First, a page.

BASIC authentication Issues with IE

From: hector (nospam_at_nospam.com)
Date: 03/26/04


Date: Fri, 26 Mar 2004 03:46:30 -0500

IE Basic Authentication has always had some kind of quark and it seems the
quarks has either gotten worst or Microsoft is now forcing some behavior
change "issue" on people.

In short, it is so time consuming, with little input directly from the
horse's mouth, to try to understand Microsoft's variant BASIC Authentication
implementation as it is today, how it suppose to work.

Now we got customers who are telling us the passing the username/password on
the URL doesn't work anymore with the latest IE update. I am not sure if
that's true or its related to some "quirky" situation or combinations of
situations with the user's machine setup or even OS related.

So I asking someone if they can summarize or point me to some updated
(current) document explaining what is going on with Windows's concept of
persistent or non-persistent user credentials and the IE behavior.

This is the chronological history as we experienced it:

Originally, the only IE issue we had was......

1) Intermittently, a basic authenticated session is lost when a user
finishes a download. The next URL clicked requires a re-login.

2) Intermittently, a basic authenticated session is lost when a user closes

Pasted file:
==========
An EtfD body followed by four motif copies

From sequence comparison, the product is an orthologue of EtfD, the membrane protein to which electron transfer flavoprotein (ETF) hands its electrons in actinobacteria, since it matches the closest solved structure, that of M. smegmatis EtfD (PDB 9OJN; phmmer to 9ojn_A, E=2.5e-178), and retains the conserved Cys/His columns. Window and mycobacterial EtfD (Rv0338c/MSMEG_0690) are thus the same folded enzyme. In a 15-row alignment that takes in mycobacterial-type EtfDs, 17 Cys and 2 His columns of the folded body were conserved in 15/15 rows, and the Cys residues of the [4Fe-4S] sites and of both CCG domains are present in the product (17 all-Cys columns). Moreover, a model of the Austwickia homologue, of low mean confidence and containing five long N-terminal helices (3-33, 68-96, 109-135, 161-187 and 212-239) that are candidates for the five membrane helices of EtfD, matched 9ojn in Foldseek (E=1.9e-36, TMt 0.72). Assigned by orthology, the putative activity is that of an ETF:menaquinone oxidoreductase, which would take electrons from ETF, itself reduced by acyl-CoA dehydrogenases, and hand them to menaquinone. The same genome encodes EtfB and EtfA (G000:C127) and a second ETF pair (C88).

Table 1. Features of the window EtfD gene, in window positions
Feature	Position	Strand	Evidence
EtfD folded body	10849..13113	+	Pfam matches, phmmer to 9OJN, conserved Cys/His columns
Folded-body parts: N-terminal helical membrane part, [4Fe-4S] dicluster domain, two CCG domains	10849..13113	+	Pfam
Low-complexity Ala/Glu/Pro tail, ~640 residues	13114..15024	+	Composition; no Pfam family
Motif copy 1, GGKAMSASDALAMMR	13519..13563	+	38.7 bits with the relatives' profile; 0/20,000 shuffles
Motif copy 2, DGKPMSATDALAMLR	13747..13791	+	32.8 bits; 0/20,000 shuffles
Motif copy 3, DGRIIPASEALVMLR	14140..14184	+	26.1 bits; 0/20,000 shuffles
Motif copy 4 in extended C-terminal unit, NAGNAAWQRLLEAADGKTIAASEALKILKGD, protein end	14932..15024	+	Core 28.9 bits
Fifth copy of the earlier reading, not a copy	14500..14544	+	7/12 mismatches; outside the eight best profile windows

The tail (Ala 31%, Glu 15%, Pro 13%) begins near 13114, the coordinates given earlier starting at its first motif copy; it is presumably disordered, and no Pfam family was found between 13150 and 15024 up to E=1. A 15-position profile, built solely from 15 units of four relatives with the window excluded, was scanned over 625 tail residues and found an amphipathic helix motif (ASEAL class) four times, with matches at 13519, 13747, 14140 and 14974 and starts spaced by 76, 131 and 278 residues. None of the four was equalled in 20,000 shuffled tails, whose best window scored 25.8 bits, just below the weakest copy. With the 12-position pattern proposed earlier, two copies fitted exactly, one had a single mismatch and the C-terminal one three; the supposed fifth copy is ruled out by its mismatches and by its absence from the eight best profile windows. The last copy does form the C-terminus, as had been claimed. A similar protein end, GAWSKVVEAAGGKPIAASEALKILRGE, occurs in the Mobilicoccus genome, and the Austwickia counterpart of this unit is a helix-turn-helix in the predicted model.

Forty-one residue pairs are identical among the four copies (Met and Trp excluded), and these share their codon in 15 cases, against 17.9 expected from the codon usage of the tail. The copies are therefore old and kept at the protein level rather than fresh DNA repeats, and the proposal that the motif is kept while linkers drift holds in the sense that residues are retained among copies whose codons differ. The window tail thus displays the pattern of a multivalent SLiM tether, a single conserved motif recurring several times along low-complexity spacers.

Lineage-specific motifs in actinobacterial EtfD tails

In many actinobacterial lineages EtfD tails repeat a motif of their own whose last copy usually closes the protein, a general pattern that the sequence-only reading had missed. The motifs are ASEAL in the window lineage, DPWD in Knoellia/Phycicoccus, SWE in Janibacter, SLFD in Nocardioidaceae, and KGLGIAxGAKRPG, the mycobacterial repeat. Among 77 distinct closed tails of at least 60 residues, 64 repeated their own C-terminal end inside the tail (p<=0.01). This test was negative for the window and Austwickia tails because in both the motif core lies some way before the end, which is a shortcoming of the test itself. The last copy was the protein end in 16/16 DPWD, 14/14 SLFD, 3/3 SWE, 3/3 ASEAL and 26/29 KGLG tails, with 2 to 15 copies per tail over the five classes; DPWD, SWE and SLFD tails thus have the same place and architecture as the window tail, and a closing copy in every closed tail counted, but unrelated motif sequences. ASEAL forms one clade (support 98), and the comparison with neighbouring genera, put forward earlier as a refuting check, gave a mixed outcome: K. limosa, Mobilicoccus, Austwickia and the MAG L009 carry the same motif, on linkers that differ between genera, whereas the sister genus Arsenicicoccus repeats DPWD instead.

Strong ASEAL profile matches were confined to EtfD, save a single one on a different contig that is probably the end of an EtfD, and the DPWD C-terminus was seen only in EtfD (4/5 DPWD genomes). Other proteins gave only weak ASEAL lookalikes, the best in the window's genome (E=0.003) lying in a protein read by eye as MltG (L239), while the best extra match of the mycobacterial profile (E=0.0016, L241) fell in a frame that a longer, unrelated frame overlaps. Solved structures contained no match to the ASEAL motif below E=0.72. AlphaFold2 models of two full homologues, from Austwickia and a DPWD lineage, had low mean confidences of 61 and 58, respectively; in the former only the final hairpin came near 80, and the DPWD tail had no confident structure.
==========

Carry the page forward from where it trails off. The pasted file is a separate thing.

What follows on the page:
a secondary popup window. The next URL clicked requires a re-login.

We could never get a handle on this and not all customers experienced it on
their intranet web server installation of our product. I personally use to
see it more than it was reported by customers, so it left me believing it
was something specific to my own OS/IE setup on my machine. I would ask
beta testers "Hey do you see this with IE?" and I would get "No Hector, not
happening here." I researched the problem but never got straight
solution. It looked like it might related to HTML frame operations, but
wasn't sure because I could not get any consistent behavior. It was
intermittent.

3) Within the last year, customers began to report that the BASIC
authentication was persistent.

In other words, I got reports such as:

       "Hey, I closed the browser to log off, but the next time
        I popped it up, the web server is not asking me to login."

I first, I would say:

    "You're nuts! Do you know what that means? That's a fundamental
    security flaw and there is no way Microsoft would allow such an
    obvious security violation. There has got to be something else going
on."

I told them it was probably related to maybe having "active desktop" and
Microsoft on-going strategy on making everything browser based, so even if
they closed the "browser windows," it was still running in the background,
i.e, Explorer. But checking thing out myself, I could not repeat the
problem.

But then I upgraded to one of the IE security patches last year and began to
see this behavior myself!!!! I was totally flabbergasted.

So the first thing I did was apologize to the customers who reported this
and promised to research and check it out. This is now a fundamental